Health and Wellness

Johnson & Johnson halts HIV vaccine human testing as failure becomes obvious

vaccine
Photo: Pan American Health Organization (PAHO) via Flickr

Pharmaceutical company Johnson & Johnson will end human testing for an HIV vaccine that showed early promise. The potential vaccine did not show a high enough level of effectiveness.

The study involved 2600 young women in sub-Saharan Africa who were deemed high risk for acquiring HIV. Researchers will continue a separate late-stage trial involving a variant of the vaccine that is being tested on men and transgender people in Europe and America.

Related: Most straight Americans would be uncomfortable with an HIV+ doctor

“HIV is a unique and complex virus that has long posed unprecedented challenges for vaccine development because of its ability to attack, hijack and evade the human immune system,” Johnson & Johson Chief Scientific Officer Dr. Paul Stoffels said in a statement.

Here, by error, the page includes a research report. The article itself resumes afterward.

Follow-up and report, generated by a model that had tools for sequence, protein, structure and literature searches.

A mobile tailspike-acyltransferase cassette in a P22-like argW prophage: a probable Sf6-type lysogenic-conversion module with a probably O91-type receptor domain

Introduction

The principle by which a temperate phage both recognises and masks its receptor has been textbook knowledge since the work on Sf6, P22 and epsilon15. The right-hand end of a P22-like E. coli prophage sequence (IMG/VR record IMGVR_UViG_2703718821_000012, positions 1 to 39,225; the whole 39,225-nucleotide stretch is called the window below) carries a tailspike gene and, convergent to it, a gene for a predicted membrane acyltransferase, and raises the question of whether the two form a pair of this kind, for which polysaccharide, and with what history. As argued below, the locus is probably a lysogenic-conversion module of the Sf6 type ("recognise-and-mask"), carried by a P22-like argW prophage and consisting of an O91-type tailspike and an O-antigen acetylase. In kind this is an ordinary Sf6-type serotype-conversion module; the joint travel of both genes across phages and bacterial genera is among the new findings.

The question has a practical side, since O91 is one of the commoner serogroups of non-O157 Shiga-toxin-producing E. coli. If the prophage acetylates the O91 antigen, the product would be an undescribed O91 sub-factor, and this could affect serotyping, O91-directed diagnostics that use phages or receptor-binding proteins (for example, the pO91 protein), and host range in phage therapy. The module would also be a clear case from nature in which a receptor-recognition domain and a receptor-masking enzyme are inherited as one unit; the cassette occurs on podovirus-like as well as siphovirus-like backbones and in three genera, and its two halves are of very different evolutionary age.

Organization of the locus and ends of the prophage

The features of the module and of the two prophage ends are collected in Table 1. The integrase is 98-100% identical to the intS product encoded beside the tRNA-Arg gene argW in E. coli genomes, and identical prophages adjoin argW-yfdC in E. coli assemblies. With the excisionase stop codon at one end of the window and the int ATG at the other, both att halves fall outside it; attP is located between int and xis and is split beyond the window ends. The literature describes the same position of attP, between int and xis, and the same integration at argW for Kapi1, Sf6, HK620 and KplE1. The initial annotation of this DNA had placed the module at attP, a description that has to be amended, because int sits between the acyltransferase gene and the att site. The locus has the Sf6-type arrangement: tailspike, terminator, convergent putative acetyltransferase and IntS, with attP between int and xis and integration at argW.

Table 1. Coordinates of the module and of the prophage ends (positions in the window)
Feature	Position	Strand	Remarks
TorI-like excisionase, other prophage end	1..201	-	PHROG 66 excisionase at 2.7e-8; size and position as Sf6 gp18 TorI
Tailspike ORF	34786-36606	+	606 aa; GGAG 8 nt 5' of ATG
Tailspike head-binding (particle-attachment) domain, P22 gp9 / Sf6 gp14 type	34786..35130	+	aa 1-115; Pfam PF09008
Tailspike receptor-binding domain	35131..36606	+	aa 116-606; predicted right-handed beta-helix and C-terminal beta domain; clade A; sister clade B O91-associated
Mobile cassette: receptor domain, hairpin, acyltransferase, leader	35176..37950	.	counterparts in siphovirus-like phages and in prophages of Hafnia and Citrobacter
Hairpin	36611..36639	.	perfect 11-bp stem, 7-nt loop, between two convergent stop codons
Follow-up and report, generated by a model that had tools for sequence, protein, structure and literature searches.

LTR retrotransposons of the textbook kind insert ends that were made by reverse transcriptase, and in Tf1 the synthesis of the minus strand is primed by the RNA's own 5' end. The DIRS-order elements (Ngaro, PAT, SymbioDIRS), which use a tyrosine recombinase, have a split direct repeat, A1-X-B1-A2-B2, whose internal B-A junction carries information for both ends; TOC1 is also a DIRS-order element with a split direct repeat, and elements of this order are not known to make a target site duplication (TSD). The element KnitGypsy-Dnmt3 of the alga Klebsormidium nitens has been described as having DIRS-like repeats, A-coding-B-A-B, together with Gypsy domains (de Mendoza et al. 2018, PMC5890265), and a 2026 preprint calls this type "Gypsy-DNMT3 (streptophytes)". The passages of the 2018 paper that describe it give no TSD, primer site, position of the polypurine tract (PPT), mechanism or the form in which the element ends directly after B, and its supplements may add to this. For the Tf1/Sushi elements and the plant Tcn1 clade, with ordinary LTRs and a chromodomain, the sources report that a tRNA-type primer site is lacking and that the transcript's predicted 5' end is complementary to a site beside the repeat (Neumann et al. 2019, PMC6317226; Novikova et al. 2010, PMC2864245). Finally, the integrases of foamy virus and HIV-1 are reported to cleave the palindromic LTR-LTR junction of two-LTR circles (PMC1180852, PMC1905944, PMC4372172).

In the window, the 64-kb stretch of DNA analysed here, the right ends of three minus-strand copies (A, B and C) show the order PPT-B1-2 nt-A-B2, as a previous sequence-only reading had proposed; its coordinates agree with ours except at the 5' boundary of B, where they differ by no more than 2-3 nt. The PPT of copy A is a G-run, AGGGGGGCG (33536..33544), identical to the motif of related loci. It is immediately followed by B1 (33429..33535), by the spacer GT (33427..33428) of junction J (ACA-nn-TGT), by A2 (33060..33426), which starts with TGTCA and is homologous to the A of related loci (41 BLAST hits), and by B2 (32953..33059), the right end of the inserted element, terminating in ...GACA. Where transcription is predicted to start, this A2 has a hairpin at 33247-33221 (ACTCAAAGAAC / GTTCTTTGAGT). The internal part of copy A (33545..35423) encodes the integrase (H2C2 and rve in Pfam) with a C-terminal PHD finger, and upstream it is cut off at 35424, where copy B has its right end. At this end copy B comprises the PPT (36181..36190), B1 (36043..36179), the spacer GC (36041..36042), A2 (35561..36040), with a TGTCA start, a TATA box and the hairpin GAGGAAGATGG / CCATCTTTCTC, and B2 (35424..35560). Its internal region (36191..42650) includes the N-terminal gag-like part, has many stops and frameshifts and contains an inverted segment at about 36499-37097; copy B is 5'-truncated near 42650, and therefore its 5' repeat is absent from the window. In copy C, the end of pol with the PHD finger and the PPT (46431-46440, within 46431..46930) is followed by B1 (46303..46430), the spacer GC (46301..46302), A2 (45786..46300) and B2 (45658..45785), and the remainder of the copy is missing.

The African study showed only a 25% effectiveness for preventing the transmission of HIV.

Last month, the biotech company Moderna announced it will start human trials for its HIV vaccine. Its HIV vaccine will be the first of its kind to use messenger RNA (mRNA), an approach that Moderna used in its effective COVID-19 vaccine.

Johnson & Johnson is also one of the major producers of a vaccine to prevent coronavirus. It’s vaccines do not use the mRNA technology.

The lessons learned by researchers attempting to produce a vaccine for HIV allowed scientists to quickly develop a vaccine for COVID-19. The coronavirus is not as complex as HIV.

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